JavaScript + Art Supplies

I recently started using my code to create real, physical art. Before this week, I didn’t think I’d ever be able to actually say that. I’ve been writing generative art pieces with JavaScript for a year or so now, but it has always been limited to the browser — until now.

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Pen plot in silver, gold, & white on black paper

Generative Art

I won’t dive too far into what “generative art” is or isn’t. At a high level, an artwork being “generative” means it was created with a system that was responsible for making decisions that an artist would typically make themselves. This is obviously really vague. That’s part of the fun of working with generative art! There’s so much room for interpretation, and as the artist, it’s up to you to decide what your system should be responsible for, and just how it should even come to the conclusions it does.

If you’re interested in learning more about these systems, or just want to see some cool examples of what forms generative art can take, check out these resources:

Ok, but how? 👀

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Pen plotted frequency modulated sine wave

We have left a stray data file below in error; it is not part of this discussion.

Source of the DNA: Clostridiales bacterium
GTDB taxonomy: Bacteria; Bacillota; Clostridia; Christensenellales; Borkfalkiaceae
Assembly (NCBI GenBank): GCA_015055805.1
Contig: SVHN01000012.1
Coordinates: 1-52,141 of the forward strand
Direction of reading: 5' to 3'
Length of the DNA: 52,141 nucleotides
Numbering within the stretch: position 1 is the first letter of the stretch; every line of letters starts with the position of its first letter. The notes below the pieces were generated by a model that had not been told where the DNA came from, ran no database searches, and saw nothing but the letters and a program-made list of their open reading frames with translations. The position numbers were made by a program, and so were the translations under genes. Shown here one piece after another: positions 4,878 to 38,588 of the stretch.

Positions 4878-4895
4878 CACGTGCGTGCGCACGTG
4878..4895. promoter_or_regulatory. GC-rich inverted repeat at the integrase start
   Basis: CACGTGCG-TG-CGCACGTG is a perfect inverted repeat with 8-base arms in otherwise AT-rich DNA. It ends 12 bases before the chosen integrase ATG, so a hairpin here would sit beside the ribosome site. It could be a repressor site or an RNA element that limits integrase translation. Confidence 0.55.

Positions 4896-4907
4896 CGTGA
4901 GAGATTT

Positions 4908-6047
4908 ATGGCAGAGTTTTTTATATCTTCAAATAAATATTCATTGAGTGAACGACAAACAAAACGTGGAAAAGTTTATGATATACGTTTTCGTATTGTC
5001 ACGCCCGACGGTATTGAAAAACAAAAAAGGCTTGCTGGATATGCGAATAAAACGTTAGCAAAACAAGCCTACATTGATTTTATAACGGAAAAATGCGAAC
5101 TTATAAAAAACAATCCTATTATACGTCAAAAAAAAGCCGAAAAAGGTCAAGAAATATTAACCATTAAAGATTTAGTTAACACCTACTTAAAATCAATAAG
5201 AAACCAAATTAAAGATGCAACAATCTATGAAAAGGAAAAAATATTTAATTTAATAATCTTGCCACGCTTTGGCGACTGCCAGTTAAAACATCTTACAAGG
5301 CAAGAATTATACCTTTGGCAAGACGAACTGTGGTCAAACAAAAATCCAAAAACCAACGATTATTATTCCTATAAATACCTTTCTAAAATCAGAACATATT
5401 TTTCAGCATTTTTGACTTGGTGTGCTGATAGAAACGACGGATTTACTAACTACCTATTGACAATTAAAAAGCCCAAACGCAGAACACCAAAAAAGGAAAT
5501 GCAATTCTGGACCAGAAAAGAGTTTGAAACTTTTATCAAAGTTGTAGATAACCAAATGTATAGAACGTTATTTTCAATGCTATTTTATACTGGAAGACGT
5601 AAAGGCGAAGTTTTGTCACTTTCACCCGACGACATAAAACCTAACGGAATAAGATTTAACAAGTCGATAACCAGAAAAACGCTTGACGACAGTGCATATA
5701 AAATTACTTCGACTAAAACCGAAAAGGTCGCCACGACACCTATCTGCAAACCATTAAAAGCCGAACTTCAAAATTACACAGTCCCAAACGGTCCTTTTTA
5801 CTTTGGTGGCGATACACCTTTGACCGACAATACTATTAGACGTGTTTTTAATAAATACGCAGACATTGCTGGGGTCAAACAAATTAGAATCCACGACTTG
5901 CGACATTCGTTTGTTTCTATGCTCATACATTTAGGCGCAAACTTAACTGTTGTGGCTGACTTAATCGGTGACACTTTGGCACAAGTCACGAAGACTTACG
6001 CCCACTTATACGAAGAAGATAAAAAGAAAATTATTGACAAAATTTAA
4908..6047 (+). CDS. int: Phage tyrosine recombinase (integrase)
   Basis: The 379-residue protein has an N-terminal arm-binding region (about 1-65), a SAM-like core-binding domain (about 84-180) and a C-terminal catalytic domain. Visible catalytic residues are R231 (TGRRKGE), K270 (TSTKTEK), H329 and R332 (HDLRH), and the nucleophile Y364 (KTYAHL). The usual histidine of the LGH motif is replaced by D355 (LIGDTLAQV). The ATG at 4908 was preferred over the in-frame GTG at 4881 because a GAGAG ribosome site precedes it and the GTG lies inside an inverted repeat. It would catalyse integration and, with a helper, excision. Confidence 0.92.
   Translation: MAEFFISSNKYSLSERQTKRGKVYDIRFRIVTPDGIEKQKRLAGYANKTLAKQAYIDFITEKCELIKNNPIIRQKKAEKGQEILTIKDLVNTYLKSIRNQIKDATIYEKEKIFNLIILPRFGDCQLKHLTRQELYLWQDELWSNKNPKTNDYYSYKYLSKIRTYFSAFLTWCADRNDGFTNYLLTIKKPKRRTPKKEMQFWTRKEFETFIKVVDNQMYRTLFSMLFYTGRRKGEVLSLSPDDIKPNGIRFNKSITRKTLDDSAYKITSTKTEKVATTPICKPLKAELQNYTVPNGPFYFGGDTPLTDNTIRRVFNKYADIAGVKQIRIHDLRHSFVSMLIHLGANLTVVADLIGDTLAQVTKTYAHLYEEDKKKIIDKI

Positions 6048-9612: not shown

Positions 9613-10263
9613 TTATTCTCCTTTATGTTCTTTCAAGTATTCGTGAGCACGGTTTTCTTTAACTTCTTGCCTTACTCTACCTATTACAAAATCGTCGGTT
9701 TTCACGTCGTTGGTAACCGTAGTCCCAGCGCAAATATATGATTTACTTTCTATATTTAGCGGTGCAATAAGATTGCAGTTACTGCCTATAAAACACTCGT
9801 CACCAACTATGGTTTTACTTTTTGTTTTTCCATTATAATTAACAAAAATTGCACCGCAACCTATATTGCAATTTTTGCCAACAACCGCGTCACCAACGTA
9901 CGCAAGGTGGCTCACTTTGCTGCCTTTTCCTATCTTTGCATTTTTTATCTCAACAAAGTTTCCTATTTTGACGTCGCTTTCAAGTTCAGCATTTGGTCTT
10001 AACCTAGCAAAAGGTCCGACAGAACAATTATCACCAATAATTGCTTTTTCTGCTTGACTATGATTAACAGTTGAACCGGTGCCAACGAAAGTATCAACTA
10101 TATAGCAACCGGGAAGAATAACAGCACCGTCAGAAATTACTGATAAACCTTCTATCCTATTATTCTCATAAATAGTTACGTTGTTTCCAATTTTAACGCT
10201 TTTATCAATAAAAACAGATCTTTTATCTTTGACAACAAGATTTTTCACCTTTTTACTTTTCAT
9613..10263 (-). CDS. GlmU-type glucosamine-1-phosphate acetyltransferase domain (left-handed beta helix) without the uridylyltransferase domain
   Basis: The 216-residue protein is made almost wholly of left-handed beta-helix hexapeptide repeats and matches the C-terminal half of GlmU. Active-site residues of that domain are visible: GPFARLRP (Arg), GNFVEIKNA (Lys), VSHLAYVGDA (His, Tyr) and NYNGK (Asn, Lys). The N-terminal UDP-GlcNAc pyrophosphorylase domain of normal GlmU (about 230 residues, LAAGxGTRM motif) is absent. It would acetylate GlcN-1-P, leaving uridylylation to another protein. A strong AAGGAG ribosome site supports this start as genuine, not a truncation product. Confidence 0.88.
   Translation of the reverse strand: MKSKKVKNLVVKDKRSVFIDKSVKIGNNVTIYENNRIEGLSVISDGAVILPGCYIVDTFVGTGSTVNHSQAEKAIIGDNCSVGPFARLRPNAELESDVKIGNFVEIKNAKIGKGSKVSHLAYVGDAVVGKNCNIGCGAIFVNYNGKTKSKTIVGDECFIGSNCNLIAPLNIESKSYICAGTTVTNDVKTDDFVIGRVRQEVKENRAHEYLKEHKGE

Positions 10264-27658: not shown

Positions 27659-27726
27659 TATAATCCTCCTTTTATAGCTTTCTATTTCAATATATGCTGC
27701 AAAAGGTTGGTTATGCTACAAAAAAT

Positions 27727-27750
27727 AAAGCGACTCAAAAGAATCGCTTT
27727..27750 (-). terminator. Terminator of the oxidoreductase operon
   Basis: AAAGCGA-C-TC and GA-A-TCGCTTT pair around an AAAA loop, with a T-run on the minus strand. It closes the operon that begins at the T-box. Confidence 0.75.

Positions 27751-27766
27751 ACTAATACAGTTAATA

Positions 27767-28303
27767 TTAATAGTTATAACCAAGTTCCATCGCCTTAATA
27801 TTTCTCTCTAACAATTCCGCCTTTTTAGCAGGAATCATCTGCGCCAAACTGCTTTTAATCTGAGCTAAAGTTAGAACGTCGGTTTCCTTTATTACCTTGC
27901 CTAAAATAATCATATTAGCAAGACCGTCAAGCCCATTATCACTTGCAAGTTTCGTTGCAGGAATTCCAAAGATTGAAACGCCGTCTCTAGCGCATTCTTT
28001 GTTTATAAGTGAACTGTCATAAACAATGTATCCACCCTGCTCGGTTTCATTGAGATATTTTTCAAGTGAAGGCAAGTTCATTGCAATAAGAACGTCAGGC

The AxiDraw is a machine 🤖produced by Evil Mad Scientist (they’re in Sunnyvale!) that can move a tool along X & Y axes, and lift & lower said tool. If you attach a pen to the AxiDraw, you can render a physical artwork by giving the machine the right instructions!


Normally when I work on generative work, I use a tool called p5.js. Since our rendering “target” here is a pen, we need a different toolset and frame of mind than we would use for creating art in the browser.

Enter canvas-sketch, a tool by Matt DesLauriers . With canvas-sketch, we get a set of utilities that simplify a lot of things you frequently have to account for with generative code (scaling, hot-reloading, unit conversion, math, geometry, randomness, the list goes on…). As the artist here, you’re still ultimately responsible for composing a piece, but now you don’t have to worry about scaling to your paper size, writing SVG strings, or how Simplex noise works under the hood 😅.

Note: You could absolutely do this with p5.js, vanilla JS, or any other language if you wanted to! I’ve chosen to work with canvas-sketch myself becuase I like the utilities it provides, and I’m already familiar with writing generative code in JS. Use whatever you enjoy working with!

Concept & code

One of the toughest (but also most rewarding) pieces of writing generative code is coming up with what you want to piece to even be. Are you going to cross reference multiple randomly sourced images and output a composite? Generate a varied bunch of little topographies? Periodic motion from an isometric point of view?

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Examples of generative code artworks

Once you have an idea, how do you take it from there to a uniquely rendered piece? Usually, the answer is behind a handful of doors. Some of them include:

  • Math! Geometry, trigonometry, and all that other stuff you thought you wouldn’t use again
  • Variation: Randomness, noise (Perlin, Simplex, etc), time, and other sources for “making it change”